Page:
The photos I’m sharing today are not from Ming Hua Yuan, but a small travelling Opera troupe that performs on the roadside during temple festivals or whenever anyone contracts our their services. The cool thing about living in Taiwan, and one of the major differences between this country and China is that it is quite common to see these amazing performances on the road or at temples during festivals.
The opera troupe performing in these shots is the “Hong Ming Opera Troupe” (鴻明歌劇團) which performed a few different operas for a very small audience outside of Keelung’s Lao Da Gong Temple (老大公廟) which I was visiting in order to get shots of the Ghost Gate before Ghost Month finished up.
Roadside opera performances are quite common in Taiwan and while the actors are performing out of a makeshift stage (that they pack up each and every day) they put on excellent live performances with music performed by an in-house band and are always free of charge (or paid for by local temples.)
The Taiwanese opera doesn't rely on high-flying acrobats or high-pitched singing voices like its Chinese counterparts - Performances are often quite laid back and rely on short Haiku-like sentences of five or six words, facial expressions, hand gestures and the imagination of the audience.
If you take away all the modern technology and the radio and television performances, the modern opera continues to be grounded in its grassroots origins and is still faithful to the stories about the simplicity of early life on the island for the immigrants. This simplicity is what continues to make the opera endearing to Taiwanese people and is also indicative of both the history of the country and the cultural identity of the people living here.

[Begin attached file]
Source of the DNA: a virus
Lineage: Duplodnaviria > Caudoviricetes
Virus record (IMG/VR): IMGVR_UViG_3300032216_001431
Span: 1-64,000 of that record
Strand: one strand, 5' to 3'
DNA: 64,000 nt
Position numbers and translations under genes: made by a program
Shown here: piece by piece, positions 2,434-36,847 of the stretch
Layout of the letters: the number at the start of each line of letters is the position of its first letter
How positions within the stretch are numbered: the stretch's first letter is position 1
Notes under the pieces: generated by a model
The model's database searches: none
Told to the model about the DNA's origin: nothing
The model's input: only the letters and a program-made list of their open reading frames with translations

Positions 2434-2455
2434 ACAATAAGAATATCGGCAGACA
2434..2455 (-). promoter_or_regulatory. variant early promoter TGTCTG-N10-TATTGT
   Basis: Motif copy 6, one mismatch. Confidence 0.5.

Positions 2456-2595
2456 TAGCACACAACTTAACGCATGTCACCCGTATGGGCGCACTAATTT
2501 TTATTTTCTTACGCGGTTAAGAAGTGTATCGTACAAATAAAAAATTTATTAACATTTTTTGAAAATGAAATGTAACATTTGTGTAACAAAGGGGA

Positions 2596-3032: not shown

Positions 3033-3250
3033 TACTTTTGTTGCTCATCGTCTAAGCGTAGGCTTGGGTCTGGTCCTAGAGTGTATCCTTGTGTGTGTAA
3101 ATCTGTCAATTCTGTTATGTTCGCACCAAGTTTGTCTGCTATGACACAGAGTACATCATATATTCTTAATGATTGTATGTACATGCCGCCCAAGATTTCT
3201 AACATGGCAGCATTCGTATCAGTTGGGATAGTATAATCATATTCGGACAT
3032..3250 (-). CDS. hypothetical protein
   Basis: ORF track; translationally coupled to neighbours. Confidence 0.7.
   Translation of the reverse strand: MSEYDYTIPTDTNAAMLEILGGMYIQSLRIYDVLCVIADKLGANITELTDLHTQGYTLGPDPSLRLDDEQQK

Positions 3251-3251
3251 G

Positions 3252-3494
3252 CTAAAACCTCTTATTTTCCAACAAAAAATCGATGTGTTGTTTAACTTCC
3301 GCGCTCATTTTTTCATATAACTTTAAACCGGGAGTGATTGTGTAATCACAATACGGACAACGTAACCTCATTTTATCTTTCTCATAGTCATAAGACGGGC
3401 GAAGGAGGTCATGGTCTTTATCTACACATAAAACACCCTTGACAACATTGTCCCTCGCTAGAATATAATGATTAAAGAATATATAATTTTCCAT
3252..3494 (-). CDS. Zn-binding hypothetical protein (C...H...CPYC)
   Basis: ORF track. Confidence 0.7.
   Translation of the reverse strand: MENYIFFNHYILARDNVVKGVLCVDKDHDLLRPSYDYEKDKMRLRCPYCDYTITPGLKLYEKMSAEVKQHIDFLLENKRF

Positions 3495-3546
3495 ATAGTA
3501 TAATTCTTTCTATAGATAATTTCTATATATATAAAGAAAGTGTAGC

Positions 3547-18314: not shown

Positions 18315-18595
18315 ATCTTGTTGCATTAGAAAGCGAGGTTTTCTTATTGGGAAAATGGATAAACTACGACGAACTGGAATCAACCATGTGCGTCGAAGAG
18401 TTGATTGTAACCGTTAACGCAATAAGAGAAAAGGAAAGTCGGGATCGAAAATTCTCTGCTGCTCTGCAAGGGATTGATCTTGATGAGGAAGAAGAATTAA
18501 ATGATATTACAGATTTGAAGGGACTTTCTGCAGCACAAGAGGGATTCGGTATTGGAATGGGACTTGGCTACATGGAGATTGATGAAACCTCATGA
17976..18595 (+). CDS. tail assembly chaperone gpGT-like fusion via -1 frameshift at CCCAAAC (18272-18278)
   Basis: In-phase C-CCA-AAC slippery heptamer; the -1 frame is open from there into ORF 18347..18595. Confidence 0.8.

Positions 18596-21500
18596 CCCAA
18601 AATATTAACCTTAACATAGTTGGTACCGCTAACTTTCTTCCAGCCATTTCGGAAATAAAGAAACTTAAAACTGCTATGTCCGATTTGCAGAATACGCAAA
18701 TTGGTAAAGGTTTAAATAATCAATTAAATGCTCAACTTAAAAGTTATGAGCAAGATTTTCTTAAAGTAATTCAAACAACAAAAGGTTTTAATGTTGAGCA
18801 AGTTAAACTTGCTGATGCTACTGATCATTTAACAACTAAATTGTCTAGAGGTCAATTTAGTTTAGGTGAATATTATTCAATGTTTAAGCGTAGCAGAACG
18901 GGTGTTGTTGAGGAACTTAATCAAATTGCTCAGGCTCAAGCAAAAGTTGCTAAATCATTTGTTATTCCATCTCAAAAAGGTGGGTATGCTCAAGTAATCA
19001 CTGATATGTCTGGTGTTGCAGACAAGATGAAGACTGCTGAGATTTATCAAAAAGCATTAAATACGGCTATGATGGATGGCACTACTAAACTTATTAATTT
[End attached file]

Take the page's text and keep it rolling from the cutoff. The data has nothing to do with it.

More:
The precarious nature of the political situation of this country can be solved another day, but the question as to whether or not the Taiwanese opera is uniquely Taiwanese shouldn't be up for debate by anyone both inside or outside of the country.
I would hope that through this rant, that the people will look at the Taiwanese opera in a different light and respect the people in this country who formed their own style of traditional entertainment and have kept it alive through hard work and dedication.
I will be shooting Ming Hua Yuan, Taiwan's most famous opera troupe next month, so expect some more shots of these great actors and actresses and some more promotion of this important part of Taiwan's culture.
I'm embedding a Youtube video below that explains a bit of the origins of the Taiwanese opera in English and Chinese (with subtitles) and talks a little about the differences between Taiwan's native opera and that of the opera in that other country.
As always, if you have any questions, comments or criticisms, please comment below or get in touch with me through the contact section on the menu below.